Golden Ray Wreck Removal Delayed for at Least Two Weeks
The complex project to remove the wreck of the ro/ro Golden Ray from St. Simons Sound, Georgia has been delayed yet again - this time, by a project to modify equipment.
Salvors have completed the first of seven transverse cuts through the hull of the Golden Ray, successfully sawing the bow off using a length of anchor stud chain. The cut and lift operation began November 9, and it was expected to take 24 hours. Cutting was still in progress at the 25-hour mark when the chain parted. Work resumed after repairs to the chain and modifications to equipment, then paused again due to stormy weather. With these delays, the first complete cutting evolution took 20 days, and the team hoisted the first segment aboard a deck barge for transport and disposal on November 29.
Drawing on the experience gained from the first cut, the response team is pre-cutting sections of the exterior hull plating and modifying its equipment to speed up the next phases of the work. The equipment changes will add weeks to the timeline, according to the wreck removal team.
"These improvements require custom fabrication on-site and is estimated to continue for no less than two weeks. The engineers are confident that once implemented, cutting durations for the subsequent six cuts will significantly reduce and offset the time spent to implement," said the incident response command in a statement.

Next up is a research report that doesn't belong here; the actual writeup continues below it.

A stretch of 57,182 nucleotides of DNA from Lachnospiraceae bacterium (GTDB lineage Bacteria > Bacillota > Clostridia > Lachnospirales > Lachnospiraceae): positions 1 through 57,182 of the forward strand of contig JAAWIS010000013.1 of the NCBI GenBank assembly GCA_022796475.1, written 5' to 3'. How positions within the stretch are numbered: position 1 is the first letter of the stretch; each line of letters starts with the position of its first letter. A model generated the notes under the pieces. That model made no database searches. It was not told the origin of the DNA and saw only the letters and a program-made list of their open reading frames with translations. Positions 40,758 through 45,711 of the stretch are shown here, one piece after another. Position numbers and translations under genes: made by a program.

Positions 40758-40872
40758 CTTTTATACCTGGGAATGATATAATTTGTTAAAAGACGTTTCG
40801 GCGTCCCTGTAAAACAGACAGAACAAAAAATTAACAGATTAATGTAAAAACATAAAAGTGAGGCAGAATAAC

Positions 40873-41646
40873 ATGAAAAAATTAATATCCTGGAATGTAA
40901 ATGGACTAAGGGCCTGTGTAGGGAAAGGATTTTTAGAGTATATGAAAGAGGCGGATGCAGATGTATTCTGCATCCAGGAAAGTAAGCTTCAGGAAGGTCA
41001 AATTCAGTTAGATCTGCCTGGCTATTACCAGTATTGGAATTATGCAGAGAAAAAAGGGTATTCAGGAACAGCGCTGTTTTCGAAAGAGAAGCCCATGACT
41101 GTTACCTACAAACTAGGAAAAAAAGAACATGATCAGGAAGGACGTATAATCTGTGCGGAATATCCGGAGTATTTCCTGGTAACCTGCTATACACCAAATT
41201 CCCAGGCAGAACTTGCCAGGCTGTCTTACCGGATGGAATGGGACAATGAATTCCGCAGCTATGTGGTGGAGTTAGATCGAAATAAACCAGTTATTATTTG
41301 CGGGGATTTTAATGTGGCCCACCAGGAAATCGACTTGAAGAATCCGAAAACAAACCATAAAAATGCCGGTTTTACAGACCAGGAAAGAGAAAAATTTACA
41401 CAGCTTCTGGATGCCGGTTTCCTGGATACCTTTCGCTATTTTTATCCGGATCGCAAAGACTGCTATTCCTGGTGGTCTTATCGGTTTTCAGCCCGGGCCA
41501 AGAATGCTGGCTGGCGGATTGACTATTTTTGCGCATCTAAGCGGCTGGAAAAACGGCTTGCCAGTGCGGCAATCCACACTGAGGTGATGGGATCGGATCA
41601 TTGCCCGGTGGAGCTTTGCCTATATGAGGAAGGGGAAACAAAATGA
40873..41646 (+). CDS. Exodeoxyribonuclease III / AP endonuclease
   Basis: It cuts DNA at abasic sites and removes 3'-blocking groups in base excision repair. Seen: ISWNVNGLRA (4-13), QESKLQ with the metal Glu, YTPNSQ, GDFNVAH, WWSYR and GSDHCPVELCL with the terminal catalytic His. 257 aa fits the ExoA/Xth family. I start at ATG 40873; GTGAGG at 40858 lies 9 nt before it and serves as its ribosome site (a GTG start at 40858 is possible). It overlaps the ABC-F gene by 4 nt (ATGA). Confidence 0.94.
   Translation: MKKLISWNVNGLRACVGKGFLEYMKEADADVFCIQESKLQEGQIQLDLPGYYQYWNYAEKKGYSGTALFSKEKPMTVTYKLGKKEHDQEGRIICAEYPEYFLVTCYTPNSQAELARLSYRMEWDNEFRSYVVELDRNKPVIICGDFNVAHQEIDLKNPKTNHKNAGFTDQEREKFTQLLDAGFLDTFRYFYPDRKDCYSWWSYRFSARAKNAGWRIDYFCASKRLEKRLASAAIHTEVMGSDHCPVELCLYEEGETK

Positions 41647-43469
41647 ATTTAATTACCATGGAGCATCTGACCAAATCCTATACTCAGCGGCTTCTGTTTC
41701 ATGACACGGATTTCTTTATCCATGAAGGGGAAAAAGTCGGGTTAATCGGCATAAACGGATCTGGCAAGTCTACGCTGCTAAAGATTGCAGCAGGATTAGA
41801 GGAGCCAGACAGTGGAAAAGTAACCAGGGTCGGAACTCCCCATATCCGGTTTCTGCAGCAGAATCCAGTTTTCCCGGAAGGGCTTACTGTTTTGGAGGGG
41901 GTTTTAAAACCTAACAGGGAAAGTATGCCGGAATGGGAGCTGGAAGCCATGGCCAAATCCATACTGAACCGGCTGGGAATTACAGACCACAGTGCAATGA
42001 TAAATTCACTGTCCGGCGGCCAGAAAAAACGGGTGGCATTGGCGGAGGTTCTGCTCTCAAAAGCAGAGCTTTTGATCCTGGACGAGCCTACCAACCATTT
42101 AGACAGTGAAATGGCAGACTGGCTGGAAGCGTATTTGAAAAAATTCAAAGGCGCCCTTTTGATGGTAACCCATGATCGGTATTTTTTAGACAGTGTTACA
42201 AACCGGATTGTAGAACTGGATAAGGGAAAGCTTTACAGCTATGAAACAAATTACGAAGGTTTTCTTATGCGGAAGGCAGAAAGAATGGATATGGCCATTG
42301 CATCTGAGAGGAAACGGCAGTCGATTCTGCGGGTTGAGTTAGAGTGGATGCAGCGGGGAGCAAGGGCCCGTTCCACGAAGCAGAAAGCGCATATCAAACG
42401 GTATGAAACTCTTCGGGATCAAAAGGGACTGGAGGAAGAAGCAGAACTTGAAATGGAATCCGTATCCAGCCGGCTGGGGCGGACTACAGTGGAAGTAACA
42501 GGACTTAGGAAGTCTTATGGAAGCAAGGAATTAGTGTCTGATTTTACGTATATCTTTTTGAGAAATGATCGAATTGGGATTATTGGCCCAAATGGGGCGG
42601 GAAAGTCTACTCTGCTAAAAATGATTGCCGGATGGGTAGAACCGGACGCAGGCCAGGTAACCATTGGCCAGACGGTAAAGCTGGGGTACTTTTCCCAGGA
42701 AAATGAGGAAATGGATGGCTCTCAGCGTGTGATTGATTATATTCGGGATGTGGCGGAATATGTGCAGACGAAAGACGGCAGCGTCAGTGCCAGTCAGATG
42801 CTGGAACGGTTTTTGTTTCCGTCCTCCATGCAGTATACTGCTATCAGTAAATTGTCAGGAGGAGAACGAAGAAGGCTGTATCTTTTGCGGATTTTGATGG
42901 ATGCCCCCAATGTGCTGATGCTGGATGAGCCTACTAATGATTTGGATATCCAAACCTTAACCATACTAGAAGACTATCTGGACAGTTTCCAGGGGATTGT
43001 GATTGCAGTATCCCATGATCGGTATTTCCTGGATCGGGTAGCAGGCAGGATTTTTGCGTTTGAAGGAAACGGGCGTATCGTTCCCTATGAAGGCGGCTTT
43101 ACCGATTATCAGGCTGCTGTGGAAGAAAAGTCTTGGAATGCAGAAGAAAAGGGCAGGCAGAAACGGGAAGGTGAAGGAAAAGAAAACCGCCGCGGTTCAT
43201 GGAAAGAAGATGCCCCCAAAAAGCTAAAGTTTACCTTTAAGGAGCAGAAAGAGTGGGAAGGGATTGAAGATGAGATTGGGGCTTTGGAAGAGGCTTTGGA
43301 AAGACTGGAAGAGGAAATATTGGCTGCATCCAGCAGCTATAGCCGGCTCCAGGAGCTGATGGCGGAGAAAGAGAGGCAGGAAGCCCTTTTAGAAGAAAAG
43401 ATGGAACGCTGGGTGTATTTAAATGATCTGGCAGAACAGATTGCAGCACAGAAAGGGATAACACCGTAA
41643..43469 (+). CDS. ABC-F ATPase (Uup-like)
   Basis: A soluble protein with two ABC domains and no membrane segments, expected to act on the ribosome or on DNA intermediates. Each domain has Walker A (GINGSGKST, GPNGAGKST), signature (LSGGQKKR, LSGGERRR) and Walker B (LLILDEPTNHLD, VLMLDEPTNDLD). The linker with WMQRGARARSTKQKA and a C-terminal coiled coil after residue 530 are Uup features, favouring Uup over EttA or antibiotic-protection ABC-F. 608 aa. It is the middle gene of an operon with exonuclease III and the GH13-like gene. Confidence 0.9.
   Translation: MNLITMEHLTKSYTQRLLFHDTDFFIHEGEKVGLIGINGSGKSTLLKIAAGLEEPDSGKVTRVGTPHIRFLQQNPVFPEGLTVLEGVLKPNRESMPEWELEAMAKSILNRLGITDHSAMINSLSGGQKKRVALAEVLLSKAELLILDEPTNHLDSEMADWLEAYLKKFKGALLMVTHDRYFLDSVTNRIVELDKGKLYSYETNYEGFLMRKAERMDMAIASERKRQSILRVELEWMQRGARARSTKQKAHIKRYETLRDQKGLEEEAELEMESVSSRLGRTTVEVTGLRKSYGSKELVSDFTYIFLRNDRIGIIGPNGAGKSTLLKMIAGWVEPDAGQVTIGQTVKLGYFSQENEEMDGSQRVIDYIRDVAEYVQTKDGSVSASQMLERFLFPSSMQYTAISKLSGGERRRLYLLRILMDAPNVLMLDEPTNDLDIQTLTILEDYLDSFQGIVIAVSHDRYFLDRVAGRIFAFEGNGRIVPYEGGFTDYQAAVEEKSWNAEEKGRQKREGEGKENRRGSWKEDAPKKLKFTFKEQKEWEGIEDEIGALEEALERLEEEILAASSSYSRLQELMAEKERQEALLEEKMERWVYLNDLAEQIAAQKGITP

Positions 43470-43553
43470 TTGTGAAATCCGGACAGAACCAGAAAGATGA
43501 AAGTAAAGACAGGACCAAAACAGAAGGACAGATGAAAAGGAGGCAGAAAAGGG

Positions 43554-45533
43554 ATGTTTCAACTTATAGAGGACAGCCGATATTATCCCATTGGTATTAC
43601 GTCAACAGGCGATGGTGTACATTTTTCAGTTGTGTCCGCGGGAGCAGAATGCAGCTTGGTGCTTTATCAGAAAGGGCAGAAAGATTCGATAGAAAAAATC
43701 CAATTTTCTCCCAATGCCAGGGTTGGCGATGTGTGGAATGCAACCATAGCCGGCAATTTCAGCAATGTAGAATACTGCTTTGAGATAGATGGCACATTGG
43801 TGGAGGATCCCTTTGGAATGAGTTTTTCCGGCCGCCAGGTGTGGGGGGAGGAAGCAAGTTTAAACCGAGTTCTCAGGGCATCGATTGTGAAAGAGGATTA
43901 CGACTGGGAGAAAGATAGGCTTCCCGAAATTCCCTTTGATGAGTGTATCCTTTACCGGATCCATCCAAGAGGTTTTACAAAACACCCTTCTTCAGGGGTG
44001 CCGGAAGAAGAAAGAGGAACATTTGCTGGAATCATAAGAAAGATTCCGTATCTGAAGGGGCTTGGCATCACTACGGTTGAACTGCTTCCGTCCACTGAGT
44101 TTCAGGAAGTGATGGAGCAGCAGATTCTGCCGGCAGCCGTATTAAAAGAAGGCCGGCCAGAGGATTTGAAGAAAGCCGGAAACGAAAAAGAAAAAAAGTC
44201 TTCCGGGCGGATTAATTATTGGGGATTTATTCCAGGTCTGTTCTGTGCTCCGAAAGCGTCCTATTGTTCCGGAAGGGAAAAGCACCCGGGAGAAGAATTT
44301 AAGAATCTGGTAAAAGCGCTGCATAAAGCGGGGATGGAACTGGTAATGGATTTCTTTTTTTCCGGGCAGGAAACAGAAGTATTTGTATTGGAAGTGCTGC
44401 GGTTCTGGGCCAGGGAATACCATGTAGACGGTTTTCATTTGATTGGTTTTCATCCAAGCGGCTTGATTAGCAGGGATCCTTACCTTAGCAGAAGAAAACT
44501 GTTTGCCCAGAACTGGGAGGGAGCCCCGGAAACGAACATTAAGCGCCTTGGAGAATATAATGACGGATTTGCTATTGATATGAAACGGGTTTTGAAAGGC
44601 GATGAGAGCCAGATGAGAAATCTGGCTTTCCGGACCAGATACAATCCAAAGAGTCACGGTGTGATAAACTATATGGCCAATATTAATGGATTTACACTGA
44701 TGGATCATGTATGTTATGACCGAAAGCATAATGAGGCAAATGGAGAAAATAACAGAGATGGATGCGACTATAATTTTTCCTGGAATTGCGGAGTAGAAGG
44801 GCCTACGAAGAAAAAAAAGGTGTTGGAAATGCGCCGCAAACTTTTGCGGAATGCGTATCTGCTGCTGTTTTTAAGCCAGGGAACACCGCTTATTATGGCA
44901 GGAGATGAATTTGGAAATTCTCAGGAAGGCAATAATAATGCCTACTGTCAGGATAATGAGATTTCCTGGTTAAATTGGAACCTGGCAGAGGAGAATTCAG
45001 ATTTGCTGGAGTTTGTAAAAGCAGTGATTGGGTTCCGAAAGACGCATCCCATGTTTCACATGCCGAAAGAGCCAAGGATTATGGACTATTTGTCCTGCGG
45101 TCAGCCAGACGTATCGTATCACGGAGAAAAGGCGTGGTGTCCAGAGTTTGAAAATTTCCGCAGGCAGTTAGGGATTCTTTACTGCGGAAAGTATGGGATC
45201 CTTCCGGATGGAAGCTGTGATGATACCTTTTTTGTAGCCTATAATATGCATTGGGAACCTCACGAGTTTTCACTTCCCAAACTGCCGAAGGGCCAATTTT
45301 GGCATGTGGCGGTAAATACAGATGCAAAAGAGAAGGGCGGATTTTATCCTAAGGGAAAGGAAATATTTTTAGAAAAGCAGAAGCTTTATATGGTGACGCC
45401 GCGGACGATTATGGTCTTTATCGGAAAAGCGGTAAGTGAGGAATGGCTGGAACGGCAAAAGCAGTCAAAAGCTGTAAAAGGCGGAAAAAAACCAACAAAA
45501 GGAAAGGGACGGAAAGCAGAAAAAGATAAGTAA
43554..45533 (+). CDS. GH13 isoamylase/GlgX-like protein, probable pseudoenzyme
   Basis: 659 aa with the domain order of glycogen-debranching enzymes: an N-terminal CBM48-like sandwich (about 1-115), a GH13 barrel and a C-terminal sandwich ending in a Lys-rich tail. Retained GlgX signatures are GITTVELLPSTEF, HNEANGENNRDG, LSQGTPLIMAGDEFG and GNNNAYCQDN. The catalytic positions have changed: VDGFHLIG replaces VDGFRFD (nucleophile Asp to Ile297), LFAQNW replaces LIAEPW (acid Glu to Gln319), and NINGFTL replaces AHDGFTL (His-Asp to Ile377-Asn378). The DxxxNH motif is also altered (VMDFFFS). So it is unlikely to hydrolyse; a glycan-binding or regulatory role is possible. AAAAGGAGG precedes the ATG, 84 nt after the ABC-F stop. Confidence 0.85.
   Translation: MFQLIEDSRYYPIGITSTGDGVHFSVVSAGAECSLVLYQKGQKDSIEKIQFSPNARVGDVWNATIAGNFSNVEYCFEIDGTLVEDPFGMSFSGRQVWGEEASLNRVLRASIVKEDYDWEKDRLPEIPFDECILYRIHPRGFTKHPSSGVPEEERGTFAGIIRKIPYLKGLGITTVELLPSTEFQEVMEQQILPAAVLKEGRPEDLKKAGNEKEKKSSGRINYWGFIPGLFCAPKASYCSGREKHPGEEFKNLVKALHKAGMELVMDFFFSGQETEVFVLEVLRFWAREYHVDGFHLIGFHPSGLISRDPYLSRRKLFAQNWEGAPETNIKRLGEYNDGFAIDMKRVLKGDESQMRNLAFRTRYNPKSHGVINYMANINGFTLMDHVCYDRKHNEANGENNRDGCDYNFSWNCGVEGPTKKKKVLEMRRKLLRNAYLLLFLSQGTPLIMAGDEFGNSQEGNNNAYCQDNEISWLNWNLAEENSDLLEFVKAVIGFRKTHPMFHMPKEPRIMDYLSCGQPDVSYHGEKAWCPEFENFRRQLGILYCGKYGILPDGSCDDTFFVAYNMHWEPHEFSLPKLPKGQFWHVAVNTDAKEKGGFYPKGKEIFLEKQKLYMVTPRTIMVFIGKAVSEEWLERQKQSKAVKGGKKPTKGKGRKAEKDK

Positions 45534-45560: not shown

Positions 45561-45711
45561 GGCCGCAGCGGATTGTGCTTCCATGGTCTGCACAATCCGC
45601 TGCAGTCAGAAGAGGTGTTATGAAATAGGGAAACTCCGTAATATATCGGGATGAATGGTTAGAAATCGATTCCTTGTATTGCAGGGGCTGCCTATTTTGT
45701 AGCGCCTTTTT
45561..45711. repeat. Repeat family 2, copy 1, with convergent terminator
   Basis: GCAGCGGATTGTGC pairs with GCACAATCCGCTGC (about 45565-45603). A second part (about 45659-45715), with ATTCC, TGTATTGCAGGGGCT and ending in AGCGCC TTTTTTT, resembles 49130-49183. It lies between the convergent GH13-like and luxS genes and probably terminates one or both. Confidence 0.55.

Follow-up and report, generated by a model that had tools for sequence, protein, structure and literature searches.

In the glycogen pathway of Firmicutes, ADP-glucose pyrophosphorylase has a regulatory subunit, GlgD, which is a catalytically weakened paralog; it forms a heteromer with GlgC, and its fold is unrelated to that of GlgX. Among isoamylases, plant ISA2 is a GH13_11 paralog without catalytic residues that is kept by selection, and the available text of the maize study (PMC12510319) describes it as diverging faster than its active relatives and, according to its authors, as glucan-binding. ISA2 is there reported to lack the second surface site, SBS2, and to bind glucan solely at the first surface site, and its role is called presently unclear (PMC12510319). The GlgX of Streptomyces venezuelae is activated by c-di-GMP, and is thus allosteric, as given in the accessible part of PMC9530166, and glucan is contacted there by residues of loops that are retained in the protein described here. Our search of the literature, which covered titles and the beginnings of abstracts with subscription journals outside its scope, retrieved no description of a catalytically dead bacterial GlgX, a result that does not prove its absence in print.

New COVID cases
The response effort was delayed this summer due to a small COVID-19 outbreak affecting a limited number of crewmembers (along with the arrival of peak hurricane season). The response team has since leased a nearby resort facility to sequester critical personnel in isolation from the public, minimizing further risks to their health; however, two responders who were not part of the critical removal team and were not housed at the resort have recently tested positive for coronavirus. Several others have been quarantined due to contact with the infected individuals.
"This is the first instance of positive test results among hundreds of responders since late June and we are taking every measure to ensure there is no impact on the overall response," said U.S. Coast Guard Cmdr. Efren Lopez, federal on-scene coordinator. “We have made significant strides in mitigating COVID-19 exposure at the response, from sequestering our most critical personnel in a separate lodging facility to consistently updating and modifying our medical protocols with the latest safety guidance."
The original target for removal of the wreck was for June 2020, in advance of peak hurricane season, and the method chosen was selected in part for its speed. However, the schedule has slipped several times, and the original completion timetable has passed.
In addition to the recent cutting challenges and the earlier COVID-19 hiatus, the Golden Ray response was delayed in October due to difficulties with a temporary anchoring system. The crane barge VB 10,000 is held in place over the wreck with five anchors, and the fifth in the series did not pass its pull-test requirements. An alternative anchor point was devised in early October, but installing the new securing arrangement added several weeks to the timeline.